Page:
We first assess the reliability of the forecasts for the different lead times. Histograms of PIT values are constructed for each lead time from 0 to 14 days (Fig. 3). For each lead time, the PIT histograms follow a similar distribution: approximately uniform but not perfectly so. There are a couple of reasons why the PIT histograms are not perfectly uniform. First, it is very difficult to model the shape of the forecast distributions perfectly, particularly under cross-validation. Second, a prior distribution over the data transformation parameters is influential in preventing very skewed distributions when there are limited data or many instances of zero flows. Thus, the model attempts to reliably reflect uncertainty but cannot tightly fit the shape of the data in all cases.

On the whole, the PIT values suggest that the forecasts capture the range of observations sufficiently well, and there is no strong evidence of bias. Therefore, the spread of the ensembles is deemed to be appropriate. However, note that the shape of the PIT histograms suggests that an alternative distribution, for example a fat-tailed distribution, may be able to fit the tails of high-flow events better. The PIT histograms exhibit a similar shape for all lead times, meaning that the forecasts are similarly reliable across all lead times.

We now assess the accuracy skill of the forecasts for the different lead times. To assess forecast accuracy, we calculate CRPS for each forecast location, season and lead time. It is possible to decompose the CRPS into components reflecting accuracy and reliability. Results in the previous section demonstrate that the forecasts are similarly reliable across all times. Therefore differences in the CRPS will mainly reflect differences in forecast accuracy. CRPS scores are in the original units of the data, and therefore it is difficult to compare across forecast locations and seasons. CRPS skill scores, as defined in Eq. (2), however, measure the percentage reduction in error relative to a reference forecast, and therefore it is easier to compare relative skill levels across forecast locations, seasons and lead times. Hereafter, we consider only CRPS skill scores with modelled leave-five-years-out climatological distributions as reference forecasts unless otherwise specified.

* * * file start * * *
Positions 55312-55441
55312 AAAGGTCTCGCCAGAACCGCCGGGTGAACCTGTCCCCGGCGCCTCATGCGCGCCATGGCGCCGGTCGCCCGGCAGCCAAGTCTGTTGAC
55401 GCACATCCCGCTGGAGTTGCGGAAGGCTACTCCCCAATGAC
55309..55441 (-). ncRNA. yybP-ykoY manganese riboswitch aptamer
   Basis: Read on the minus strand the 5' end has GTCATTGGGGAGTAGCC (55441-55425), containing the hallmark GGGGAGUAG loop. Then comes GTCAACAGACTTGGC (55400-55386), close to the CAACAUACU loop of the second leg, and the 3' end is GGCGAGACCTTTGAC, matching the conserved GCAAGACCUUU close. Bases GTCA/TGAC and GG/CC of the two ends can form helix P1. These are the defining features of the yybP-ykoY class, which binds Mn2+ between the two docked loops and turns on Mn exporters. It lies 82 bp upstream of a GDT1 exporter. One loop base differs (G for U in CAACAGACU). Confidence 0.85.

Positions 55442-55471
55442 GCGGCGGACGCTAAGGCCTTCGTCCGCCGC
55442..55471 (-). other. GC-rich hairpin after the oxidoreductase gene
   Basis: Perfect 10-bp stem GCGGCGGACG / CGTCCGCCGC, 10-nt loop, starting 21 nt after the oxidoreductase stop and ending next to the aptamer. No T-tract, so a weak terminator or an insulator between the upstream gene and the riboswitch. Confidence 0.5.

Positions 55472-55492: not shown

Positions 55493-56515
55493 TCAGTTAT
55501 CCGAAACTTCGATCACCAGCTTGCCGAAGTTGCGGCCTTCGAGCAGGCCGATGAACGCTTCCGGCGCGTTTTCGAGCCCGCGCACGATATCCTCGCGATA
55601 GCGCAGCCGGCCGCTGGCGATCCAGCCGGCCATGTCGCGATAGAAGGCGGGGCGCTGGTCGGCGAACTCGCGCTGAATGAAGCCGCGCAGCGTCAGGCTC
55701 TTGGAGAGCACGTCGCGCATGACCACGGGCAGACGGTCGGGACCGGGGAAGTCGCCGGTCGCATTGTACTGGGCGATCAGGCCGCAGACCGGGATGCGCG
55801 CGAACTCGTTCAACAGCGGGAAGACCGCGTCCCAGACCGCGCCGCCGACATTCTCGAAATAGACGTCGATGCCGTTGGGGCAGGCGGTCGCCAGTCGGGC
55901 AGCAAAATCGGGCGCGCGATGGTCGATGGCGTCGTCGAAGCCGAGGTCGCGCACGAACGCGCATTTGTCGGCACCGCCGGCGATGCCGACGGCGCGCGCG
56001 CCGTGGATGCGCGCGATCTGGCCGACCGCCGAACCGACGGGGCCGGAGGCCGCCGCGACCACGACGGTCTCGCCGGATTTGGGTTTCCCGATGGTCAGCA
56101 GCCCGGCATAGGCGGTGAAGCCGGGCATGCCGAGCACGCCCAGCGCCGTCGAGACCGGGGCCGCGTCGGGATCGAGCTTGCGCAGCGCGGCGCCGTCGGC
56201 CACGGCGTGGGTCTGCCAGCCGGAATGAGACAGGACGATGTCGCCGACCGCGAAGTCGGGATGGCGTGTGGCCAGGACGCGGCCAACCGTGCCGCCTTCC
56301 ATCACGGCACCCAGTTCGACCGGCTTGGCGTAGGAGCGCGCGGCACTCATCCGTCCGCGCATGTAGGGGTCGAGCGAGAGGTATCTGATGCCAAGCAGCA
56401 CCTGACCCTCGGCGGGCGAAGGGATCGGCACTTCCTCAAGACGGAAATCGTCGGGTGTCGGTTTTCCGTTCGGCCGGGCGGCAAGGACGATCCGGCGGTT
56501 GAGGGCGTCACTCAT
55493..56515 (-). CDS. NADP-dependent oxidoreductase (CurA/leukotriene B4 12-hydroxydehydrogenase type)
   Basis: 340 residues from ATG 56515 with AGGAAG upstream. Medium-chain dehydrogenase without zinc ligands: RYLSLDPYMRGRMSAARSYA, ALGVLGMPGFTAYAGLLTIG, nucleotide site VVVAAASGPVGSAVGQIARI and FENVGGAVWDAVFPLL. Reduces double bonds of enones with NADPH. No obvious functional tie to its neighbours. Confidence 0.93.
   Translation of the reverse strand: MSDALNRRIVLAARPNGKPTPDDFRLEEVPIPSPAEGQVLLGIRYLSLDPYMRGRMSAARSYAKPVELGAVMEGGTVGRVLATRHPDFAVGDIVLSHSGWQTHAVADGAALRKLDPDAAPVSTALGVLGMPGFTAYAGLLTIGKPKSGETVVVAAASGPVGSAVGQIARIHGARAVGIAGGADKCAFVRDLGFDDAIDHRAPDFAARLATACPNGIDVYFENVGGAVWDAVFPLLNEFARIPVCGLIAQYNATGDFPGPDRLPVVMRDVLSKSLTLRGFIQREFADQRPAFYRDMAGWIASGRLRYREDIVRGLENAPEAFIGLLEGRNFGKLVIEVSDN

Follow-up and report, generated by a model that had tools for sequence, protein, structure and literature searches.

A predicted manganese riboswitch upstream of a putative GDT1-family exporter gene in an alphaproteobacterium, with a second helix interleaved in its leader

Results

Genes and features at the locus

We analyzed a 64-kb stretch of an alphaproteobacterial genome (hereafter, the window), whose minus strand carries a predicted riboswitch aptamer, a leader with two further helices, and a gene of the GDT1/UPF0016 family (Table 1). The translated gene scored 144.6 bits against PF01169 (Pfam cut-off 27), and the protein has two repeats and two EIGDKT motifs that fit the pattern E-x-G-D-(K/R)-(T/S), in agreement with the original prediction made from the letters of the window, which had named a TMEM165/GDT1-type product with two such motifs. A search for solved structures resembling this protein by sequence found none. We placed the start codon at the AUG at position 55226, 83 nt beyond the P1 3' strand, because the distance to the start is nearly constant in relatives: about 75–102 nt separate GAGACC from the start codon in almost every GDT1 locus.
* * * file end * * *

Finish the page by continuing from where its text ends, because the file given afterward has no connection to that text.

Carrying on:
CRPS skill scores for forecasts with 0-day lead time are plotted in Fig. 4.
Forecast locations form rows, and target seasons form columns. The CRPS
skill scores vary highly between forecast locations and seasons, due to
variations in catchment memory and climate predictability. The sources of
predictability are not the main concern here though. Here, the aim is to
analyse the changes in forecasting skill with increasing lead time. As an
example, forecasts with 7-day lead time are plotted in Fig. 5. By visual
comparison, skill is overall reduced; however there are individual cases
where skill increases. Instances of positive CRPS skill score differences
are conceivable given the small sample size (30 years) and associated
uncertainty in the skill score. The patterns of skill across forecast
locations and seasons are largely consistent at 0- and 7-day lead time.
Overall, increasing the forecast lead time to 7 days does not appear to
significantly decrease forecasting skill. To investigate further, CRPS skill
scores for 7-day-lead-time forecasts are calculated with the 0-day-lead-time
forecasts as the reference rather than climatology (Fig. 6). The median
CRPS skill score (considering all catchments and seasons) is

CRPS skill scores for each catchment and target season at 0-day lead time. Skill scores are relative to climatology. Leave-five-years-out cross-validation is applied for the period 1982–2011.

CRPS skill scores for each catchment and target season at 7-day lead time. Skill scores are relative to climatology. Leave-five-years-out cross-validation is applied for the period 1982–2011.

CRPS skill scores for each catchment and target season at 7-day lead time. Skill scores are relative to 0-day-lead-time forecasts.

Proportion of cases exceeding CRPS skill score thresholds for lead
times of 0, 7, and 14 days. For each lead time, the CRPS skill scores
for each forecast location and season have been pooled. The grey shaded region
indicates neutral skill (

Figure 7 illustrates for lead times of 0, 7, and 14 days the proportion of
cases (catchments and seasons) where CRPS skill score thresholds are
exceeded. CRPS skill scores between